Think of how in movies there is often a movie-set on while the main character is leaving to go somewhere and then just after he slams the door, the camera lingers for a bit and lets you hear the last part of a crazy news report about "possible aliens spotted" or "scientist does crazy invention; is world doomed?" or what have you.

You can have those in your game, too. The next time the players are in a bar, describe how the radio is on and they overhear how a missing kitten was found, a 100-year old man was visited by the mayor, and a resident crazy person claims their best friend was eaten by a dusty book they found in the attic. See whether the players remark on the last story and whether they think it's interesting. (This can be in character or out; either means it has peaked their interest)

If you get an initial reaction, bring that story, or elements of it, back later. Keep them in the background, but let the players get a glimpse of how it's going. Make it sound like whoever is dealing with it, could use a hand. But don't make it sound like they ought to get involved yet. Again, measure their reaction to it. If they have at least something of a reaction, you can drop the story more directly into the game. Have them meet someone who is part of the investigation, who tries to contact them for help. Preferably while they are in the middle of something. Let the tone simmer through in the way this request is formed; this'll be the first time that you really present the tone you're aiming for, but while the players are busy.

If they immediately drop everything to help this person; they are really interested in changing tone. Go wild. If the players sound enthousiastic, but the characters want to finish their current job first, they are also interested in the new tone, but make the change more slowly, so they can get used to it. If the players sound confused or seem to accept more out of an "oh, this will be the next story" line of thought, they are probably not very interested and I would consider running the core of the story in your original tone, or just dropping it altogether. These players might enjoy the tone, but not in the current game.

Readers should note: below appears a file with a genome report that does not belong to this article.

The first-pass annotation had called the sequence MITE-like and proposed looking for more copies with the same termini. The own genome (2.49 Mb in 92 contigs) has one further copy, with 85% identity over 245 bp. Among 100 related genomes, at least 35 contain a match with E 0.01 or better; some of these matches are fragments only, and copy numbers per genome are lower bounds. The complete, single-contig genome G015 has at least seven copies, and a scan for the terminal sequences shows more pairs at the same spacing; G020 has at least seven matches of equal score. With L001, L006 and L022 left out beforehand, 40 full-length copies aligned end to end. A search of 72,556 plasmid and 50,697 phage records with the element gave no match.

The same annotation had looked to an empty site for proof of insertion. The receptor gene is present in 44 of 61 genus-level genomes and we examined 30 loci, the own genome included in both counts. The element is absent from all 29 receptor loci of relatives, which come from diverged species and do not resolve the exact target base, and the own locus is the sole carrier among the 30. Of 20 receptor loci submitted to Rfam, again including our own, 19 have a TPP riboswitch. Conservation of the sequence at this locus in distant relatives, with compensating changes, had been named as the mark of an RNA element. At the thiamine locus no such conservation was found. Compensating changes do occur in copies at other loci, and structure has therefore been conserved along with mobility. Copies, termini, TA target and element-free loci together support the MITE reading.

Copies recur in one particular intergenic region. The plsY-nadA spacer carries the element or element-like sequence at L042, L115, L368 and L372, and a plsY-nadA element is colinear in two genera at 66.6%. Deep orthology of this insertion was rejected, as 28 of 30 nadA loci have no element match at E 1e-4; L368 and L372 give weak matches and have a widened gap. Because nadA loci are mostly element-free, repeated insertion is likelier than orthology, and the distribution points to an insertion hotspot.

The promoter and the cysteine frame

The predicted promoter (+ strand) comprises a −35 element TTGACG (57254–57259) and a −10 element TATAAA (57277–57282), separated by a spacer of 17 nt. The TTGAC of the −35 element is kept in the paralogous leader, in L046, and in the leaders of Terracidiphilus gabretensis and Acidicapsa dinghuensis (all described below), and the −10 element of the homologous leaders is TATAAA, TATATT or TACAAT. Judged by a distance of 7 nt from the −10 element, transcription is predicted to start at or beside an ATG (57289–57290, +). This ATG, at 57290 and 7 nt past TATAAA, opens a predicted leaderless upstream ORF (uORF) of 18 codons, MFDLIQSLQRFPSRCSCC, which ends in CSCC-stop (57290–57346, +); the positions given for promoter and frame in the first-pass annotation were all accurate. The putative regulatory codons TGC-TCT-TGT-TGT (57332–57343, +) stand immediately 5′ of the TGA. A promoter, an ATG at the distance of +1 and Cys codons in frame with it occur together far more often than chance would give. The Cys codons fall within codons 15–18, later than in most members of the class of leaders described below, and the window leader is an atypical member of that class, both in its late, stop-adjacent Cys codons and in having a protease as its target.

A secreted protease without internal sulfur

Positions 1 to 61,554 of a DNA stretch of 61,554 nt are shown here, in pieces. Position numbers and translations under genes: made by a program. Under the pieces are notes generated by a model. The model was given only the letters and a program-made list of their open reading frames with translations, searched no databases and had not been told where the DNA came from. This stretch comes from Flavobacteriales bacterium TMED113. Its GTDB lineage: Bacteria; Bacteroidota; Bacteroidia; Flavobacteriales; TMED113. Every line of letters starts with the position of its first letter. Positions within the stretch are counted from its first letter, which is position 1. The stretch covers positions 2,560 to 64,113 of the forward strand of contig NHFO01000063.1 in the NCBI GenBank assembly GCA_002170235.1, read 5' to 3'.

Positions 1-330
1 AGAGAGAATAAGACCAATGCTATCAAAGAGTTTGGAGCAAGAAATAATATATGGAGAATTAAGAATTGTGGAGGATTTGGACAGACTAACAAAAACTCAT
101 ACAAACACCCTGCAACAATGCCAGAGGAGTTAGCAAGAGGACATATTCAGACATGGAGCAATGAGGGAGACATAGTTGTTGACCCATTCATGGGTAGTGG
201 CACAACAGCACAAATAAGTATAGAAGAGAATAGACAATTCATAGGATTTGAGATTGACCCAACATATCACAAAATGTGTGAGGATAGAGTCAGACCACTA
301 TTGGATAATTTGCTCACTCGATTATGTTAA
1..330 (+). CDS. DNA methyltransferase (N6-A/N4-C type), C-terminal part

If they flat-out refuse to help or protest out of character, they probably don't want to run in the given tone at all and you should probably drop it and maybe apologise for bringing it up.


I feel this is also important to mention. While the above makes it possible to change the tone of a campaign slowly, I would not actually advise doing it. (It's more suited to introducing new topics and stories).

The reason here is that (most) players design their characters and background and set their expectations based on the originally described tone of the game. Characters grow in the direction of the original tone, too. But your new tone would probably be better suited with completely different kinds of characters.

For example, if I know there's going to be a lighthearted cyberpunk game, I might run a glitching cyborg, a tough jock who's afraid of talking to robots, or a street-rat who mugs rich people with a robotic monkey-sidekick. Light-hearted, fun characters to play.

But if you suddenly start changing the tone to something creepy and horrific, these characters would probably not be appropriate.

If you wanted to run a cyberpunk chtulhu game, I'd much rather have heard beforehand, so that I could have created a android infected with a virus that interferes with his motor controls and occasionally his judgement, an ex-army guy who has severe paranoia after nearly being killed by a friendly drone-trooper over a joke, or an orphan who has been without a community so long, he thinks his mindless automaton is actually his friend.